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The three-domain system is a biological classification introduced by Carl Woese in 1990[1] that divides cellular life forms into archaea, bacteria, and eukaryote domains. In particular, it emphasizes the separation of prokaryotes into two groups, originally called Eubacteria (now Bacteria) and Archaebacteria (now Archaea). Woese argued that, on the basis of differences in 16S rRNA genes, these two groups and the eukaryotes each arose separately from an ancestor with poorly developed genetic machinery, often called a progenote. To reflect these primary lines of descent, he treated each as a domain, divided into several different kingdoms.

Contents

Classification

The three-domain system is loosely based on the traditional five-kingdom system but divides the Monera into two "domains," leaving the remaining eukaryotic kingdoms in the third domain. The current system has the following kingdoms in the three domains:

Archaea Domain - prokaryotic, no nuclear membrane, distinct biochemistry and RNA markers from eubacteria, possess unique ancient evolutionary history for which they are considered some of the oldest species of organisms on Earth; traditionally classified as archaebacteria; often characterized by living in extreme environments

  • Methanogens - metabolize hydrogen and carbon dioxide into methane
  • Halophiles - thrive in salt
  • Thermoacidophiles - thrive in acid and high temperatures (up to 110 degrees Celsius)


Bacteria Domain - prokaryotic, no nuclear membrane, traditionally classified as bacteria, contain most known pathogenic prokaryotic organisms (see [2] for exceptions), studied far more extensively than Archaea

  • Cyanobacteria - photosynthesizing bacteria
  • Spirochaete - Gram-negative bacteria that include those causing syphilis and Lyme disease
  • Firmicutes - Gram-positive bacteria including Bifidobacterium animalis which is present in the human large intestine


Eukarya Domain - eukaryotes, nuclear membrane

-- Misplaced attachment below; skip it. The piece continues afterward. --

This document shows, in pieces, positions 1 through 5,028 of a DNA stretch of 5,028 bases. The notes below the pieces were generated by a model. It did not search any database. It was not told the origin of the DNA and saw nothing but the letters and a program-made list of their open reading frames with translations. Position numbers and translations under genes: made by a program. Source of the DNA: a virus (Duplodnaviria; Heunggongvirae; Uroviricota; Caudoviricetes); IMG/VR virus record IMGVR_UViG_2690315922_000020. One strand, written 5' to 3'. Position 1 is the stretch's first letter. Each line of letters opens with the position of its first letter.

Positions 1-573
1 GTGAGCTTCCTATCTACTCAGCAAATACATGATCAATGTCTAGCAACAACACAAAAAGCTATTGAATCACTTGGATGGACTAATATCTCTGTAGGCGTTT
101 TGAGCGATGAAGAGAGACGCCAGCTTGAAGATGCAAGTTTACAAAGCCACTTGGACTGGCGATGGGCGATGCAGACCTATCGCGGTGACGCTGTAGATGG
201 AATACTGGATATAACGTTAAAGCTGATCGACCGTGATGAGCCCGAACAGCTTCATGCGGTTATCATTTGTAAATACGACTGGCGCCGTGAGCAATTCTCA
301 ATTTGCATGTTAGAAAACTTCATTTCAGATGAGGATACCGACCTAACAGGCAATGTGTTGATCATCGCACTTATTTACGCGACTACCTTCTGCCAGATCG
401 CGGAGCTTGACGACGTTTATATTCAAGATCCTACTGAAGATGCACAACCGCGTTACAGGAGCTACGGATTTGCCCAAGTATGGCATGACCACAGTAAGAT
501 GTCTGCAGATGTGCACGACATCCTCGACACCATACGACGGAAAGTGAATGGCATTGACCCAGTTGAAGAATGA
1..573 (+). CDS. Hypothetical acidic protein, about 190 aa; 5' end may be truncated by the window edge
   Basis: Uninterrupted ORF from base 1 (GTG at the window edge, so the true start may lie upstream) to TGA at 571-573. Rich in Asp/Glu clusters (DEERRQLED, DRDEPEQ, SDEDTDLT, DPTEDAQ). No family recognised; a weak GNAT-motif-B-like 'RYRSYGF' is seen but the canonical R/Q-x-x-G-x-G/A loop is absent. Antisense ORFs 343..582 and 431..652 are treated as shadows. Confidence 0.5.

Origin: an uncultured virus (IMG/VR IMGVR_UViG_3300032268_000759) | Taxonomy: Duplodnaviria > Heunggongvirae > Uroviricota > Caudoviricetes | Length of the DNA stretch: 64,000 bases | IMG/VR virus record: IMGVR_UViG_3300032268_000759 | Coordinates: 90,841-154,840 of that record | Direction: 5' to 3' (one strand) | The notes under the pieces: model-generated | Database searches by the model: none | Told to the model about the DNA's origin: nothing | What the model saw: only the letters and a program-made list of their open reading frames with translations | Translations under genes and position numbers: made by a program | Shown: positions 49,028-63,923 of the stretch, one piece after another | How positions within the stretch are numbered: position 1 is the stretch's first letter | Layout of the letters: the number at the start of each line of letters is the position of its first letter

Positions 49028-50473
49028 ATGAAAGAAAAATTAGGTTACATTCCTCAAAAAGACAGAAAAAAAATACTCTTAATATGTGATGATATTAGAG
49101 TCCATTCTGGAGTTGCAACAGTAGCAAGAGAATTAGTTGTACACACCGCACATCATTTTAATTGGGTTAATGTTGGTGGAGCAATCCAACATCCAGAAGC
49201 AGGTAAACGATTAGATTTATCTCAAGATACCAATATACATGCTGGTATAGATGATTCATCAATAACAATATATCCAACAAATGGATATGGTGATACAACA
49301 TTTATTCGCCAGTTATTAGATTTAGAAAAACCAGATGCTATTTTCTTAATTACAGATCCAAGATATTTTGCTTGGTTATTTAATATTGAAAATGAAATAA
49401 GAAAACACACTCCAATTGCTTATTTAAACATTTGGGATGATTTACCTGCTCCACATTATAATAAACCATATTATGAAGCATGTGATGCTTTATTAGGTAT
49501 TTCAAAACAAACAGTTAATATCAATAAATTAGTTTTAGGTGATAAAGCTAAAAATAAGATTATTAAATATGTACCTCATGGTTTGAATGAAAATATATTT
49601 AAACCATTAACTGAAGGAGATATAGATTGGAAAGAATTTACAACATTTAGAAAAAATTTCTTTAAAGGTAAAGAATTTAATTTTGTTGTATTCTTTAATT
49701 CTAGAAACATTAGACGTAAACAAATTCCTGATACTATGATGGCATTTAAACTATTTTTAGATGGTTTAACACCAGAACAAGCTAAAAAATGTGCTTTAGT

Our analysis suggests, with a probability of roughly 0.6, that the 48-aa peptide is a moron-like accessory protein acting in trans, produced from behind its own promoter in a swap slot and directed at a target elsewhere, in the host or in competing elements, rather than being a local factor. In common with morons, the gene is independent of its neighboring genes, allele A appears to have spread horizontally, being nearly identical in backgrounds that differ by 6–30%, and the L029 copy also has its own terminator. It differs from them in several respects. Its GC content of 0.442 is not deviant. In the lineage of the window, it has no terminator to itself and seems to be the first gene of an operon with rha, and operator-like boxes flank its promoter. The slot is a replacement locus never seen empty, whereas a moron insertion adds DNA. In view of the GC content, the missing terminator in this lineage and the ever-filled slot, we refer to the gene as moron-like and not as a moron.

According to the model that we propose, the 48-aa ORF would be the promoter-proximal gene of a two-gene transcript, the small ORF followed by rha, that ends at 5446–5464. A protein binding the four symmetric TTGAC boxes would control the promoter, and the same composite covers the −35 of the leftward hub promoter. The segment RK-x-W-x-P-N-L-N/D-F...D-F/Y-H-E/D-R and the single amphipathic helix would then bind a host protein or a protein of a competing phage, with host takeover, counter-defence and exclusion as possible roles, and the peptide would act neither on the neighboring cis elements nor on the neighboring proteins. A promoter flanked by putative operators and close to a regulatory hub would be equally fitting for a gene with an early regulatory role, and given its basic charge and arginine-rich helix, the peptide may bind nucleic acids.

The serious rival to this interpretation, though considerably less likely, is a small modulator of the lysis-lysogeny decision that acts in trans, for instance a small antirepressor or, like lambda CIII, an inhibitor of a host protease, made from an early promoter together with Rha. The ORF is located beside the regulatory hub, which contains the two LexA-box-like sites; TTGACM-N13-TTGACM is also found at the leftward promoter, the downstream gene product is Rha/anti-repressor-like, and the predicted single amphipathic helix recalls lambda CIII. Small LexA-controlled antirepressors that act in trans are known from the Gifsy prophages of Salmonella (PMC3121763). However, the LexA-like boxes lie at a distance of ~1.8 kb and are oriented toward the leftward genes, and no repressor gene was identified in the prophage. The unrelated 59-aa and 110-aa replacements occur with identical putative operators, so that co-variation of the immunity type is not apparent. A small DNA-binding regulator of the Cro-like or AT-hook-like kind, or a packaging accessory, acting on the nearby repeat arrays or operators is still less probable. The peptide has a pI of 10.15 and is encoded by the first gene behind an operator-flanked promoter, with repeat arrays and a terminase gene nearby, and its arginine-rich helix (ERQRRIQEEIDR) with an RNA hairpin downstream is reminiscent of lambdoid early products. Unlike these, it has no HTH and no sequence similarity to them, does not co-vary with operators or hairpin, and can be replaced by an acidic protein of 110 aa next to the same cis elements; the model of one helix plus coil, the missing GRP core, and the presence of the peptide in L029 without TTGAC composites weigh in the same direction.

• Rhodophyta - red algae
  • Chromalveolata - includes dinoflagellates
  • Saccharomycotina - includes true yeasts
  • Basidiomycota - includes shiitake mushrooms
  • Bryophyta - mosses
  • Magnoliophyta - flowering plants
  • Arthropoda - includes insects, arachnids, and crustaceans
  • Chordata - includes vertebrates and, as such, human beings

Niches

Each of the three cell types tends to fit into recurring specialties or roles. Bacteria tend to be the most prolific reproducers, at least in moderate environments. Archaeans tend to adapt quickly to extreme environments, such as high temperatures, high acids, high sulfur, etc. This includes adapting to use a wide variety of food sources. Eukaryotes are the most flexible with regard to forming cooperative colonies, such as in multi-cellular organisms, including humans. In fact, the structure of a Eukaryote is likely to have derived from a joining of different cell types, forming organelles.

See also

References

  1. ^ Woese C, Kandler O, Wheelis M (1990). "Towards a natural system of organisms: proposal for the domains Archaea, Bacteria, and Eucarya.". Proc Natl Acad Sci USA 87 (12): 4576–9. doi:10.1073/pnas.87.12.4576. PMID 2112744. PMC 54159. http://www.pnas.org/cgi/reprint/87/12/4576. Retrieved 11 Feb 2010. 
  2. ^ Paul B. Eckburg, Paul W. Lepp, and David A. Relman (2003) Archaea and Their Potential Role in Human Disease. Infection and Immunity, p. 591-596, Vol. 71, No. 2 DOI: 10.1128/IAI.71.2.591-596.2003


The three domains of life are the following:

  • bacteria
  • Archaea
  • Eukarya